Creating a Line Break
Browsers automatically wrap text according to the width of the block or window, creating new lines as necessary. While you can start a new paragraph with the p tag (see page 66), you can also create manual line breaks anywhere you like.
The br tag is perfect for poems or other short lines of text that should appear one after another without a lot of space in between.
Figure 3.18 I've created a new division at the top of the page that can serve as a table of contents. There will be three lines (thanks to the br tag) with the minimum of space between each one.
To insert a line break:
Type <br /> where the line break should occur. There is no separate closing br tag.
Figure 3.19 Remember that the returns in your code are always ignored. This code is equivalent to that shown above in Figure 3.18.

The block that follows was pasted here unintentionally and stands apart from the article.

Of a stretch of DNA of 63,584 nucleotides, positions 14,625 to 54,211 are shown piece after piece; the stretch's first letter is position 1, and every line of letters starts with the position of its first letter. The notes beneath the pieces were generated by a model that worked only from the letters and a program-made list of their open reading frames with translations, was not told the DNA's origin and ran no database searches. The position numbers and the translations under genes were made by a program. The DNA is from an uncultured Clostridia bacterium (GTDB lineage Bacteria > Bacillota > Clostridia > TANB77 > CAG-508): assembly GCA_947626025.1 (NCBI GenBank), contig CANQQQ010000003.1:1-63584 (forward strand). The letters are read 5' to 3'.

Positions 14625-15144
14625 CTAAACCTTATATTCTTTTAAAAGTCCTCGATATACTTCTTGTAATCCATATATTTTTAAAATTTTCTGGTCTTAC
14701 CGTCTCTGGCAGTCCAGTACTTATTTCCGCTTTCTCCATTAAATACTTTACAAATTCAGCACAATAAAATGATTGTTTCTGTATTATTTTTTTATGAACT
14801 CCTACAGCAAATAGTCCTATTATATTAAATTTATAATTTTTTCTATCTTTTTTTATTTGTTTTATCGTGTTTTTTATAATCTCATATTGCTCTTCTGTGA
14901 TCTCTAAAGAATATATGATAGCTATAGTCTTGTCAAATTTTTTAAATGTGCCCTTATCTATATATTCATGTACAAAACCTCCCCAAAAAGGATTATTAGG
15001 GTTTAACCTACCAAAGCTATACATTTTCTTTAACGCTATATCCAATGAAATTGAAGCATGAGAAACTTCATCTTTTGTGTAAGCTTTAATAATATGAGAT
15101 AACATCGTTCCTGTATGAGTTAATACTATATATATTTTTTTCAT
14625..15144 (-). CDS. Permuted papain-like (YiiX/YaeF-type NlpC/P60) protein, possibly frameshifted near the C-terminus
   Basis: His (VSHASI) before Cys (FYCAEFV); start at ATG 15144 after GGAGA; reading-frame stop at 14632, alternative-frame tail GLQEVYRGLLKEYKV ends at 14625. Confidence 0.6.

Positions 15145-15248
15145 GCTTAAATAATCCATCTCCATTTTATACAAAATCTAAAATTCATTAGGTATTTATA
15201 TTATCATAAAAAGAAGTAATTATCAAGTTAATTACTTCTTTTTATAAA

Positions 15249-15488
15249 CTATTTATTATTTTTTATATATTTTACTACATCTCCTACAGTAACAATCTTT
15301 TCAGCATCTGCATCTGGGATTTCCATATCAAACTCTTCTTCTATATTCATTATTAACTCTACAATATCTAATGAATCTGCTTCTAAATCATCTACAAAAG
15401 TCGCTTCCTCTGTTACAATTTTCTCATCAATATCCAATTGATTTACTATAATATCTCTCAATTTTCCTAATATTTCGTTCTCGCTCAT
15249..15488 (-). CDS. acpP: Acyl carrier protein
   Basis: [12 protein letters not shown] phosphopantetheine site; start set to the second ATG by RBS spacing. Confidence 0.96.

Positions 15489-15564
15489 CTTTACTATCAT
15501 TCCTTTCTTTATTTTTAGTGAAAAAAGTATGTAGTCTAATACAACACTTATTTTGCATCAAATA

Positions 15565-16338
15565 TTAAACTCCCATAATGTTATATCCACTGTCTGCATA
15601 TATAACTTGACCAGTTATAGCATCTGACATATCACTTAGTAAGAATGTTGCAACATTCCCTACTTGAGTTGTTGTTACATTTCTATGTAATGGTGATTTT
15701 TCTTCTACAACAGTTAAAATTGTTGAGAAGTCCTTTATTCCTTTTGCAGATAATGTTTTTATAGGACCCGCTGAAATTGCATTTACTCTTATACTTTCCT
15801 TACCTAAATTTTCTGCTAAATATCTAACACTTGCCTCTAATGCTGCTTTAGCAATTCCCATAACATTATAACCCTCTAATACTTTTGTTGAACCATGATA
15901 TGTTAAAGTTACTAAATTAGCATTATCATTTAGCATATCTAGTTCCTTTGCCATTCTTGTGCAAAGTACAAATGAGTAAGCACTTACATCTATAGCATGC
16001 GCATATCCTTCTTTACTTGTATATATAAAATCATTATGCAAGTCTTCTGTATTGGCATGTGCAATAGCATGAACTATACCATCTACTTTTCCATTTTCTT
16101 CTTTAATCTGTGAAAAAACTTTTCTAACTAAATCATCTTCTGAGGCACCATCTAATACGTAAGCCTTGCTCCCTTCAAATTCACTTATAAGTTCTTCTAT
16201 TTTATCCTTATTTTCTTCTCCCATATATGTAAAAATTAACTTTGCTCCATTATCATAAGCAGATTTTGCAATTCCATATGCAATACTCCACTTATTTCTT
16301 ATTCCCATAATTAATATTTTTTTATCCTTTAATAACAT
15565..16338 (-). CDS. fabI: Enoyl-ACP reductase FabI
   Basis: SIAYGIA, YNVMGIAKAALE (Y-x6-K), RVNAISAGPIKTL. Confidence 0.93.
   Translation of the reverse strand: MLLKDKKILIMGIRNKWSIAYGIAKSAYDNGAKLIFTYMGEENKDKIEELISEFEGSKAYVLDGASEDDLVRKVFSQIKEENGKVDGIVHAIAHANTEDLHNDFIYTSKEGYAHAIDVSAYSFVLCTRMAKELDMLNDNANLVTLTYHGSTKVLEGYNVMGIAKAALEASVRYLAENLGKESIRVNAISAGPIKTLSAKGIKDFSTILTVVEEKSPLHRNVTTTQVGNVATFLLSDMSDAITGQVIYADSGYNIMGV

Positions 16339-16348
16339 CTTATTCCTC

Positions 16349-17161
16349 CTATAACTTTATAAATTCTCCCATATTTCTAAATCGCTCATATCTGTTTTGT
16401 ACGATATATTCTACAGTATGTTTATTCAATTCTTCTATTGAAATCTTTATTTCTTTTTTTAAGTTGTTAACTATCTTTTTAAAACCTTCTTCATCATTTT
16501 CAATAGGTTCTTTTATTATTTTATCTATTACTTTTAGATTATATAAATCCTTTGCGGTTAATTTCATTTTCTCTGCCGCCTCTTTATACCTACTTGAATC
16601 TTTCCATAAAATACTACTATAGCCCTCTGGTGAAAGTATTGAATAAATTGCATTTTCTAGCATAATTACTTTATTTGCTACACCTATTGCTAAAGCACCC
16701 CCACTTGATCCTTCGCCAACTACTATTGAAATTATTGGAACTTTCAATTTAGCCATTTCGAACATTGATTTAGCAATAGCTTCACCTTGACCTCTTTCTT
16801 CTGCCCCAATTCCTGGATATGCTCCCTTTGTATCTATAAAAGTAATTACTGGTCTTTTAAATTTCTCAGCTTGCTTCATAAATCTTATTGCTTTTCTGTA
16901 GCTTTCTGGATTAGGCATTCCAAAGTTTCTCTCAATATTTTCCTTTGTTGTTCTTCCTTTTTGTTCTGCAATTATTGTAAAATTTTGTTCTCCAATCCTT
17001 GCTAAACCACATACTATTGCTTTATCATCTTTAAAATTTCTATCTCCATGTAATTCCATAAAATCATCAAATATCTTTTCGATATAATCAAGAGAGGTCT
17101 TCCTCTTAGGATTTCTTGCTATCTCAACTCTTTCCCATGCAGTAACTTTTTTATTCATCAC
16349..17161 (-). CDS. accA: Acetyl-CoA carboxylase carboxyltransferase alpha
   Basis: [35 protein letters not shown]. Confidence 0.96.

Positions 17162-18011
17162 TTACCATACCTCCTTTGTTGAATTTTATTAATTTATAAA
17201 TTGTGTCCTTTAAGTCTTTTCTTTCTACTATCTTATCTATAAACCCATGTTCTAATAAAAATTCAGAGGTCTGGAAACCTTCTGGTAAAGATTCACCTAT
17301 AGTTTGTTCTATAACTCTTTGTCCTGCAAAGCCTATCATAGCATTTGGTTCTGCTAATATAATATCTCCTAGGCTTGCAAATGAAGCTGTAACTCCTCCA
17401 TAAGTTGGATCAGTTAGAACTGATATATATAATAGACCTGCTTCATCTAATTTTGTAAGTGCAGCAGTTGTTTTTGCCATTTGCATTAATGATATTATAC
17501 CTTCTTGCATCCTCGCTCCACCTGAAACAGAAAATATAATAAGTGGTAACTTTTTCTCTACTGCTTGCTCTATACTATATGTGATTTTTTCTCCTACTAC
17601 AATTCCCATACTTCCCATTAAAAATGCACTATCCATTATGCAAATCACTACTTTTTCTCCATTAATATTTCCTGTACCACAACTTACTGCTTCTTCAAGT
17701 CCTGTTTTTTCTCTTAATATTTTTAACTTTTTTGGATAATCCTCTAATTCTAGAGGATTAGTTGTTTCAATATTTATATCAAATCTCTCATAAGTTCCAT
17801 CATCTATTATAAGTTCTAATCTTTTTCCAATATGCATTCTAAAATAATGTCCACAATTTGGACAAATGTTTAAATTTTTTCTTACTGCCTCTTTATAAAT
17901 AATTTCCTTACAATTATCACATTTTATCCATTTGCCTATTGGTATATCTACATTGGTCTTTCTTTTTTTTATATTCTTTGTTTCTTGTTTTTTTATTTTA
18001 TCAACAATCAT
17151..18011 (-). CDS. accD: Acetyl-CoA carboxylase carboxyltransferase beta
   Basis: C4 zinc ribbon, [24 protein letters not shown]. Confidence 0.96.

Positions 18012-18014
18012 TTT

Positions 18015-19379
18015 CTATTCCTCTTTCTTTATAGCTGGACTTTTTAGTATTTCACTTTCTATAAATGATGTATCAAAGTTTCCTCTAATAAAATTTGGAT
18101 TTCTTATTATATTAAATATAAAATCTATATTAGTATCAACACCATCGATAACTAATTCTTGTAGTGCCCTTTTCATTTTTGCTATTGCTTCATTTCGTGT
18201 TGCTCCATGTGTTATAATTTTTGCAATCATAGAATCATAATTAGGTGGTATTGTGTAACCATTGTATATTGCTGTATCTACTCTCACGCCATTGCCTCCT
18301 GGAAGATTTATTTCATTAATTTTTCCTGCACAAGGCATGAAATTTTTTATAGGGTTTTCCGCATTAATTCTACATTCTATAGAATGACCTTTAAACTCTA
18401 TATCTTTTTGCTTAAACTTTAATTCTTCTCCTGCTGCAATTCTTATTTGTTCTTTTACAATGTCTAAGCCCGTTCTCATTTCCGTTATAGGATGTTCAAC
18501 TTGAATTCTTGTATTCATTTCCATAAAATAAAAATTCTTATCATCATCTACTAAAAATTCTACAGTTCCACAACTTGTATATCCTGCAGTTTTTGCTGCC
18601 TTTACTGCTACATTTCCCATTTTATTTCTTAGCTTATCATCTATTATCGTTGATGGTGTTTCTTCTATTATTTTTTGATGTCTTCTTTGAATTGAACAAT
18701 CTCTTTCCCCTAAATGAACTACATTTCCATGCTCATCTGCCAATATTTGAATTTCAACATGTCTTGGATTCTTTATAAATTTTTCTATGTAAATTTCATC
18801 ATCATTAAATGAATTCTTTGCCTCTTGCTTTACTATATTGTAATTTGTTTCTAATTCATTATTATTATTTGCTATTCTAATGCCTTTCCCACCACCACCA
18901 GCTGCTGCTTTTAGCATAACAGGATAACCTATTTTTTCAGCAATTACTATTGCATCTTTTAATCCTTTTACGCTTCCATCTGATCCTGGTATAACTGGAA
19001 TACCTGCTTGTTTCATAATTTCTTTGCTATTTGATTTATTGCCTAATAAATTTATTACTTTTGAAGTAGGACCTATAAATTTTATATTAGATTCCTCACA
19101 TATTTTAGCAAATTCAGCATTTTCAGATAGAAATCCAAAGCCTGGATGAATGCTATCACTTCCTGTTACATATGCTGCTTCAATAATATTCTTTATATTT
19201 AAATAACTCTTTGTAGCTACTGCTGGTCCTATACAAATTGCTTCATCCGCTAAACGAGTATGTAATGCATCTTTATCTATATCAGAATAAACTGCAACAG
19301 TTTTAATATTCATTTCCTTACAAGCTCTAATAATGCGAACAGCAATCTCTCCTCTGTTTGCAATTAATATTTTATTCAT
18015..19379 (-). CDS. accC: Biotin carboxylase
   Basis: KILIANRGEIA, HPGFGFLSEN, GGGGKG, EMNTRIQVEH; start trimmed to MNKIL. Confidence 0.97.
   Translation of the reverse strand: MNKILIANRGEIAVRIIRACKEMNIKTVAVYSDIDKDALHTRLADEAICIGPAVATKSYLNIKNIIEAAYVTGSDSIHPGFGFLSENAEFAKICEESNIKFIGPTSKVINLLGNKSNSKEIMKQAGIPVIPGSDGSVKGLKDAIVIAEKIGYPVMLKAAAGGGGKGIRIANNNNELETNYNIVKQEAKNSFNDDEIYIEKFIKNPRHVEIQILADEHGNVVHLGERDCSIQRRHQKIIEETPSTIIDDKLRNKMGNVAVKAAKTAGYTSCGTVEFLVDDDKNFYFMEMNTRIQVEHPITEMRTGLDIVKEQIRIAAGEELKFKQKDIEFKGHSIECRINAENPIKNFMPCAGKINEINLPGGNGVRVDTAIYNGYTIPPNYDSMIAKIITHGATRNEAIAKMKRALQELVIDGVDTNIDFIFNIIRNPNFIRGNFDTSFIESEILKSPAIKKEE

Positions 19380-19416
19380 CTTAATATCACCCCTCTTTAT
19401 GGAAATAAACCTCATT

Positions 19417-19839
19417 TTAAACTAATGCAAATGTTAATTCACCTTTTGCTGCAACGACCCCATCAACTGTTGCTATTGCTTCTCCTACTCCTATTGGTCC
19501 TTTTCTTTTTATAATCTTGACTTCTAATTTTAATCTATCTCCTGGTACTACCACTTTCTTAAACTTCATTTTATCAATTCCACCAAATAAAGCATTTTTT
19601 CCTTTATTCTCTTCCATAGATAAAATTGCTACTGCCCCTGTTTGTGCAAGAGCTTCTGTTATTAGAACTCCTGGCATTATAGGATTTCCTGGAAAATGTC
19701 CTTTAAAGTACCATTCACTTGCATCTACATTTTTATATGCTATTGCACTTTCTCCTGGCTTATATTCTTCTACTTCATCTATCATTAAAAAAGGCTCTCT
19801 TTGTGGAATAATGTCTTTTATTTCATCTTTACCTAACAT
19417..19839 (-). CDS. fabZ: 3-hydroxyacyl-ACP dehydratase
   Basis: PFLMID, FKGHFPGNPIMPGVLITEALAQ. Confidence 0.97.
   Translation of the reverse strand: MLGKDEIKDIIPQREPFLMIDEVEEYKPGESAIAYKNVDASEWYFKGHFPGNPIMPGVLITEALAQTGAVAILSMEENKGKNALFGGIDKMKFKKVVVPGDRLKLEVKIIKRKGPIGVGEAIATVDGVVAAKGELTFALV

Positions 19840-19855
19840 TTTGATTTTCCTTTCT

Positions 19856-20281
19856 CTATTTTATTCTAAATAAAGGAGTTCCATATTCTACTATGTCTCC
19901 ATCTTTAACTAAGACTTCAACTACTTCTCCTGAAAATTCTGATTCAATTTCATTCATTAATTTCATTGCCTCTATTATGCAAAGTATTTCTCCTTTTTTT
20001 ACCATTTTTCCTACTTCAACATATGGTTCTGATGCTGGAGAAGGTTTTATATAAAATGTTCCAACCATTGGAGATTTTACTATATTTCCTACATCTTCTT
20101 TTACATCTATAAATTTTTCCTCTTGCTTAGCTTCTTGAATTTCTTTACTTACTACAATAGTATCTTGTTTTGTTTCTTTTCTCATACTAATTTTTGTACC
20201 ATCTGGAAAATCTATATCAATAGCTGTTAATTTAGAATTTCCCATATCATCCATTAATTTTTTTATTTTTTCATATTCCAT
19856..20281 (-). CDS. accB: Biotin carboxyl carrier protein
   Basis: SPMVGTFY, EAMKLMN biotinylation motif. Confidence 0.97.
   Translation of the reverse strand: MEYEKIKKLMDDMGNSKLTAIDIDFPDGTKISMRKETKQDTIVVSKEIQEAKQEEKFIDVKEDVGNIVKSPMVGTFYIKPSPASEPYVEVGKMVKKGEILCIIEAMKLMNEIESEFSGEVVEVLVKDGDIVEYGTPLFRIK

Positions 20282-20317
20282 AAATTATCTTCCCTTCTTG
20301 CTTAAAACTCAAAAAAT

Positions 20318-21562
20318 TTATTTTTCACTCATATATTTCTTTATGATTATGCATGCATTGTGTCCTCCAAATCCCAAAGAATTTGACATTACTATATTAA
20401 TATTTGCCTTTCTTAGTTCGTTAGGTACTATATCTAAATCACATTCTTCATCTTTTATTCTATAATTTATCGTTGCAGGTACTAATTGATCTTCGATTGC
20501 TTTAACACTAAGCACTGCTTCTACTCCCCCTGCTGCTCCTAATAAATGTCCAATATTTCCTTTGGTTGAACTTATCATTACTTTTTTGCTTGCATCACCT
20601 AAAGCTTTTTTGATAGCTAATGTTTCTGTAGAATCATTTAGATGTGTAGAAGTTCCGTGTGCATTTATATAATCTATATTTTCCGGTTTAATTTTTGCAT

The closing slash (/) is only required in XHTML documents to satisfy the rule that all elements be properly closed (see page 36). Make sure there is a space between br and the slash. You may omit the slash entirely in HTML documents, though it does no harm to include it.
You can use multiple br tags to create extra space between lines or paragraphs.
Figure 3.20 The br element starts the subsequent elements on a new line.
Styles can help you control the space between lines in a paragraph (see page 164) and between the paragraphs themselves (see pages 188 and 189). There are also a slew of non-standard and deprecated methods.
The br tag used to be used with the deprecated clear attribute to control text that is wrapped around images (see page 112). Its function has been replaced by the CSS clear property (see page 195).
The CSS white-space property is great for maintaining original page breaks (see page 170). Also see page 358 for details on the non-standard nobr element.